August 5, 2014
Violence Reigned In Parts Of Ancient American Southwest, Peace In Others
Eric Sorensen, Washington State University
It’s a given that, in numbers terms, the 20th century was the most violent in world history, with civil wars, purges and two world wars killing as many as 200 million people.But on a per-capita basis, Washington State University archaeologist Tim Kohler has documented a particularly bloody period more than eight centuries ago on what is now American soil. Between 1140 and 1180, in the central Mesa Verde of southwest Colorado, four relatively peaceful centuries of pueblo living devolved into several decades of violence.
Two areas diverge in violence
Writing in the journal American Antiquity, Kohler and his colleagues at WSU and the University of Colorado Boulder document how nearly nine out of 10 sets of human remains from that period have trauma from blows to either their heads or parts of their arms.
“If we’re identifying that much trauma, many were dying a violent death,” said Kohler, whose study was funded by the National Science Foundation.
Yet at the same time, in the northern Rio Grande region of what is now New Mexico, people had far less violence while experiencing similar growth and, ostensibly, population pressures.
Viewed together, said Kohler, the two areas offer insight into what motivates violence in some societies but not others. The study also offers more clues to the mysterious depopulation of the northern Southwest, from a population of about 40,000 people in the mid-1200s to none 30 years later.
Comparative look at physical trauma
From the days they first arrived in the Southwest in the 1800s, anthropologists and archaeologists have for the most part downplayed evidence of violent conflict among the early farmers in the region. A minority raised the specter of violence but lacked a good measure for it.
“Archaeologists with one or two exceptions have not tried to develop an objective metric of levels of violence through time,” said Kohler. “They’ve looked at a mix of various things like burned structures, defensive site locations and so forth, but it’s very difficult to distill an estimate of levels of violence from such things.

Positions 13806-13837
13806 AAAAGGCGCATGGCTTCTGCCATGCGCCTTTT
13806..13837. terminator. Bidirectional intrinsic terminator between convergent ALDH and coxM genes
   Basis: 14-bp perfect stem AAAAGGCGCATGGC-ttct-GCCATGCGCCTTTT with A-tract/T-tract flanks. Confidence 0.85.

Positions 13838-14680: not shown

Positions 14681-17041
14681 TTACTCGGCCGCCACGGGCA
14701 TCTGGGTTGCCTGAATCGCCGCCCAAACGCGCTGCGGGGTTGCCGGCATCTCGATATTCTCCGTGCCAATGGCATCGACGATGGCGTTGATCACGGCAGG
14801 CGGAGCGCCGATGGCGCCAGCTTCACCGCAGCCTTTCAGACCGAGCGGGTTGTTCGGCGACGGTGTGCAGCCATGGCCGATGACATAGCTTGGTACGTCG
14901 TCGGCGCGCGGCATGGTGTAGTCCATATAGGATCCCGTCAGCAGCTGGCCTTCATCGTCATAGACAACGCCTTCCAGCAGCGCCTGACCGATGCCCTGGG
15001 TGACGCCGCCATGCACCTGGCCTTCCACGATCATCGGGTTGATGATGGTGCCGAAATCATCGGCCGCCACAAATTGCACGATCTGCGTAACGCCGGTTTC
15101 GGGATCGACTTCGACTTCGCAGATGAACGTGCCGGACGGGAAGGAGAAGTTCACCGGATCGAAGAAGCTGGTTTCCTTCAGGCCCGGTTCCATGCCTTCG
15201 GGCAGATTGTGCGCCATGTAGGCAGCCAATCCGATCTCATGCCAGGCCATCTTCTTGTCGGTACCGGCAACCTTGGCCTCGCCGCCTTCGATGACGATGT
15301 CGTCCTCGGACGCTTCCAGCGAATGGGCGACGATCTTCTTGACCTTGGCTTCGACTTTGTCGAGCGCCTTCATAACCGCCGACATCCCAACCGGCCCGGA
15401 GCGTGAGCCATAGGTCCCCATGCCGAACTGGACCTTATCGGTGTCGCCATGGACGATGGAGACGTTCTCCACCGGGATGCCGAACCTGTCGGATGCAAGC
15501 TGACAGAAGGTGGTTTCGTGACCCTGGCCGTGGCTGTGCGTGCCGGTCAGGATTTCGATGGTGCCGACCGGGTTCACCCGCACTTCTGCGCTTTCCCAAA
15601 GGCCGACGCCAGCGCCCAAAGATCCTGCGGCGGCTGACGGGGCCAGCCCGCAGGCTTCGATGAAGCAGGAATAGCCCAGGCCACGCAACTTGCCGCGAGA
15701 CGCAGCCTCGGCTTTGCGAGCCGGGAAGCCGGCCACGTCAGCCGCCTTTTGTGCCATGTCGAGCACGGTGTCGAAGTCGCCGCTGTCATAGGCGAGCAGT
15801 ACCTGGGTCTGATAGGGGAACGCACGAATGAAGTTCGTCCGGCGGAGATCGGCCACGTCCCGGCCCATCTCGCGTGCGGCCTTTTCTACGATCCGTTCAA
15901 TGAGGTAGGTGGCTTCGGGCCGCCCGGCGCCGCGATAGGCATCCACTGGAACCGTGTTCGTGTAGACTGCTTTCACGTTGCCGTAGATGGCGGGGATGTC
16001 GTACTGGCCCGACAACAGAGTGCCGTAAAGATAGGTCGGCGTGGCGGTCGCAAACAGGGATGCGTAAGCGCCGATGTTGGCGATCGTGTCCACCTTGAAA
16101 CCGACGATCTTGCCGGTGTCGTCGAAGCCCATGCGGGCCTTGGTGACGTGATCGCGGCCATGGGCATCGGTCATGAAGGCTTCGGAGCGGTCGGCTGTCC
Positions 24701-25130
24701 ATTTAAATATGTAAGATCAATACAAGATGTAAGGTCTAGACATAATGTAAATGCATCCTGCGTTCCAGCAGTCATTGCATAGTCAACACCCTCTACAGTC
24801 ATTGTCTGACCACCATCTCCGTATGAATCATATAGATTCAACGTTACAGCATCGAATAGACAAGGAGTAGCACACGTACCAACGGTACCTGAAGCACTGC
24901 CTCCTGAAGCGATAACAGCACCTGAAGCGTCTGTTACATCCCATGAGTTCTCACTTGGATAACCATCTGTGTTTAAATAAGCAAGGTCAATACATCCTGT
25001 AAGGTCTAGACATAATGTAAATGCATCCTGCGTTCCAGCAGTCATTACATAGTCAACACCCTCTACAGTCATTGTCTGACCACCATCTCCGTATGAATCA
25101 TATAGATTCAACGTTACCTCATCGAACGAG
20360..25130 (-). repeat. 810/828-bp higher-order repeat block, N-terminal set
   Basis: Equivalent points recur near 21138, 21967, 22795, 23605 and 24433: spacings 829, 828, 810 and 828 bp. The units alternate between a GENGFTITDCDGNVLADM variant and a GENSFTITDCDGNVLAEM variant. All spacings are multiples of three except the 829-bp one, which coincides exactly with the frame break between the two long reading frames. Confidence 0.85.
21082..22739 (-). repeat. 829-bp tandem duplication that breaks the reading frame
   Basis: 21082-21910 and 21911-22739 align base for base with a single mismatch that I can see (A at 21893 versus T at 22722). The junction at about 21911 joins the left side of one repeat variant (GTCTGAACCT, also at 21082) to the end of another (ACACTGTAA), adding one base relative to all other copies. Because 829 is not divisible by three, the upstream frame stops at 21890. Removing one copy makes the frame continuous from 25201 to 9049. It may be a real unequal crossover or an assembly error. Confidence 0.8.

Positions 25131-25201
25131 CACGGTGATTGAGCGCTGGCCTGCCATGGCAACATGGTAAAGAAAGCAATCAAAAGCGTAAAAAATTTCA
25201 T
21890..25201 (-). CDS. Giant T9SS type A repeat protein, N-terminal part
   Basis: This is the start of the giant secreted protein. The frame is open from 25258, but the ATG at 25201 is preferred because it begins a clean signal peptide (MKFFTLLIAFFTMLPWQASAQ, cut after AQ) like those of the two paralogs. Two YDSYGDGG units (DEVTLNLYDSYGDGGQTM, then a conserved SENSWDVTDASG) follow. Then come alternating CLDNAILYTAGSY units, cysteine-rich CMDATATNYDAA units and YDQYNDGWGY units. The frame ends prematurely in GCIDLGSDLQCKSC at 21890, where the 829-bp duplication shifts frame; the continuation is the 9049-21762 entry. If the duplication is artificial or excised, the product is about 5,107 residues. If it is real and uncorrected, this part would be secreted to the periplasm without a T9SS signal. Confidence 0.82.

“We’ve concentrated on one thing, and that is trauma, especially to the head and portions of the arms,” he said. “That’s allowed us to look at levels of violence through time in a comparative way.”
Meanwhile, Kohler and his colleagues are examining the role of factors like maize production, changes to the climate and growing population in changing levels of violence. A paper of his published in June in the Proceedings of the National Academy of Sciences found that the Southwest had a baby boom between 500 and 1300 that likely exceeded any population spurt on earth today.
Both the central Mesa Verde and northern Rio Grande experienced population booms, said Kohler, but surprisingly, the central Mesa Verde got more violent while the northern Rio Grande grew less so.
Kohler offers a few explanations.
Social structures among people in the northern Rio Grande changed so that they identified less with their kin and more with the larger pueblo and specific organizations that span many pueblos, such as medicine societies. The Rio Grande also had more commercial exchanges where craft specialists provided people both in the pueblo and outsiders with specific things they needed, such as obsidian arrow points.
But in the central Mesa Verde, there was less specialization.
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